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10 of 10 people found the following review helpful
4.0 out of 5 stars Soft Embalmer, 23 May 2012
This review is from: Britten: Serenade for tenor horn and strings; Finzi: Dies Natalis (Audio CD)
Mark Padmore is the melancholic voice of today. His Schubert cycles provided particularly rueful and broken readings of already fragmentary narratives. And he has brought the same intensity to his performances as the evangelists in Bach's Passions, in concert, on stage and on record. It is to those strengths, or rather his strength at portraying weakness and woe, that this latest disc plays.

Britten's song cycles fit Padmore's poetic insights well. There's a weary beauty to his sound, which the Britten Sinfonia answers in refined terms. Throughout the opening of the Serenade for tenor, horn and strings, they create an eerie mixture of stasis and silence, while Padmore's flared vowels and lively consonants bring the text to life. Never languishing, chasing Stephen Bell's nimble calls through the 'Hymn', this is a spirited but spiritual reading of Britten's nocturnal postcards.

As the composer retreats further into the dark with his Nocturne, Padmore follows softly after. Floating lines, as if they might break, his incantations become hypnotic, perched on top of rocking orchestral murmurs. The whispered urgency of 'What is more gentle than a wind in summer?' recalls Peter Quint, with the obbligato woodwind adding strange acidic wit. Despite considerable competition - including Pears, Langridge and Bostridge, to name but three - Padmore's plangent tones and acute understanding of the text provide a modern match.

But what enlivens Britten does not translate to Finzi's Dies natalis. The work may share Britten's harmonic intensity, but the calm and sanguinity of Traherne's poetry places it on a more heavenly plane. The Britten Sinfonia labours 'The Rapture' and Padmore's voice feels too rich for Finzi's 'spotless and pure' cycle. Slower and more syrupy than Wilfred Brown's (to date) peerless reading of this muted marvel, Finzi is overwhelmed by Britten's company. No singer could fully bridge the gap between the innocence of Dies natalis and Britten's post-Freudian experience. But even if Finzi requires a more rational approach, the twisted melancholy of Britten's song cycles finds an insightful mouthpiece in Padmore.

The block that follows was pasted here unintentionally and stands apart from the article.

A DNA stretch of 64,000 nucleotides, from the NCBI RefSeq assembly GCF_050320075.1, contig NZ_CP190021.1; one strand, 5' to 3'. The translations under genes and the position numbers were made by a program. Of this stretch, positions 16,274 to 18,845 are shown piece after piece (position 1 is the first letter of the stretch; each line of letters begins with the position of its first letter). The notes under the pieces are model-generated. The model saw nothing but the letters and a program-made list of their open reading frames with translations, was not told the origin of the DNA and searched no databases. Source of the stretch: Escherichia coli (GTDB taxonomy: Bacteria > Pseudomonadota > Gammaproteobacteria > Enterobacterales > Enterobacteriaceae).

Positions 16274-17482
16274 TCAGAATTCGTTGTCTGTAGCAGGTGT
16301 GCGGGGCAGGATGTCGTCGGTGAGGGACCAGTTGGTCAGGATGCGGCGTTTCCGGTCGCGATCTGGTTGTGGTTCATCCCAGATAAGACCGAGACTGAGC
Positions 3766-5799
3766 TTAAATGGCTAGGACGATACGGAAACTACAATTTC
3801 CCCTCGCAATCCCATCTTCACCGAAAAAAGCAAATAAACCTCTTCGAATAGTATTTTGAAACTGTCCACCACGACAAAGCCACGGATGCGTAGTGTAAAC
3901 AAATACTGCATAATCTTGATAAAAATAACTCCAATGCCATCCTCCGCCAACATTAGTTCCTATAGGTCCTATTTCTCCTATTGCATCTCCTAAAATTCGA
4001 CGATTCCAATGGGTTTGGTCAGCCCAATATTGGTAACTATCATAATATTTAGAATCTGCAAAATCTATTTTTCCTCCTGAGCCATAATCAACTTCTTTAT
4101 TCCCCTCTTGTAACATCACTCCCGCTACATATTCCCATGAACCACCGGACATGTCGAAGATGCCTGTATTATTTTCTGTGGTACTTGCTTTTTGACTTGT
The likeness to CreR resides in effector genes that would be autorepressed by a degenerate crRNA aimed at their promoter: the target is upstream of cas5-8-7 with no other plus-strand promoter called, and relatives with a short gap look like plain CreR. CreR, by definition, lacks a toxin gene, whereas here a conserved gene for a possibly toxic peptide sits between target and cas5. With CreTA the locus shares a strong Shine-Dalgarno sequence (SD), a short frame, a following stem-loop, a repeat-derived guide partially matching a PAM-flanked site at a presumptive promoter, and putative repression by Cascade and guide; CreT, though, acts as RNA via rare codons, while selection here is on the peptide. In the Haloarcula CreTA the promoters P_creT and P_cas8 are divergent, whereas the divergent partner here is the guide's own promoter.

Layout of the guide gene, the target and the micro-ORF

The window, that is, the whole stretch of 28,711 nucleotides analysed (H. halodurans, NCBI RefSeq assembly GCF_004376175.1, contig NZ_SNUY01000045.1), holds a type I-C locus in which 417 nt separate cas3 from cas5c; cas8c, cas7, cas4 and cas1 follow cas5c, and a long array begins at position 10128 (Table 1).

[Britten - 5 Stars / Finzi - 3 Stars]
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5.0 out of 5 stars Excellent Britten, 5 Dec 2013
By 
enthusiast "enthusiast" (sussex, uk) - See all my reviews
(TOP 500 REVIEWER)   
This review is from: Britten: Serenade for tenor horn and strings; Finzi: Dies Natalis (Audio CD)
This is an excellent record with performances of two key Britten song cycles that really do tell us something new about the works. Padmore's voice has power as well as sensitivity and he is an extremely imaginative artist. This account of the famous and much recorded Serenade is wonderful: compelling music making! Stephen Bell's horn is excellent and the Britten Sinfonia play wonderfully. Each song is strongly characterised and memorable. With excellent recording quality this could make it a preferred choice - especially for those who have yet to get the powerful flavours of Peter Pears' singing. The Nocturne is even more striking and benefits from really stupendous playing of the obligato wind parts. Padmore's account is very different from the recordings that Pears made - he take far more risks and achieves some delicate and magical things. Finzi's Dies Natalis is new to me. I know it is a much recorded and popular work and this seems a lovely performance but I don't yet feel able to review this performance of it.
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1 of 2 people found the following review helpful
5.0 out of 5 stars Brilliant, 31 Jan 2013
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This review is from: Britten: Serenade for tenor horn and strings; Finzi: Dies Natalis (Audio CD)
An extra gift to my Father who is thrilled. Great production
Stunning recording Clearly another successful gift for a man I love
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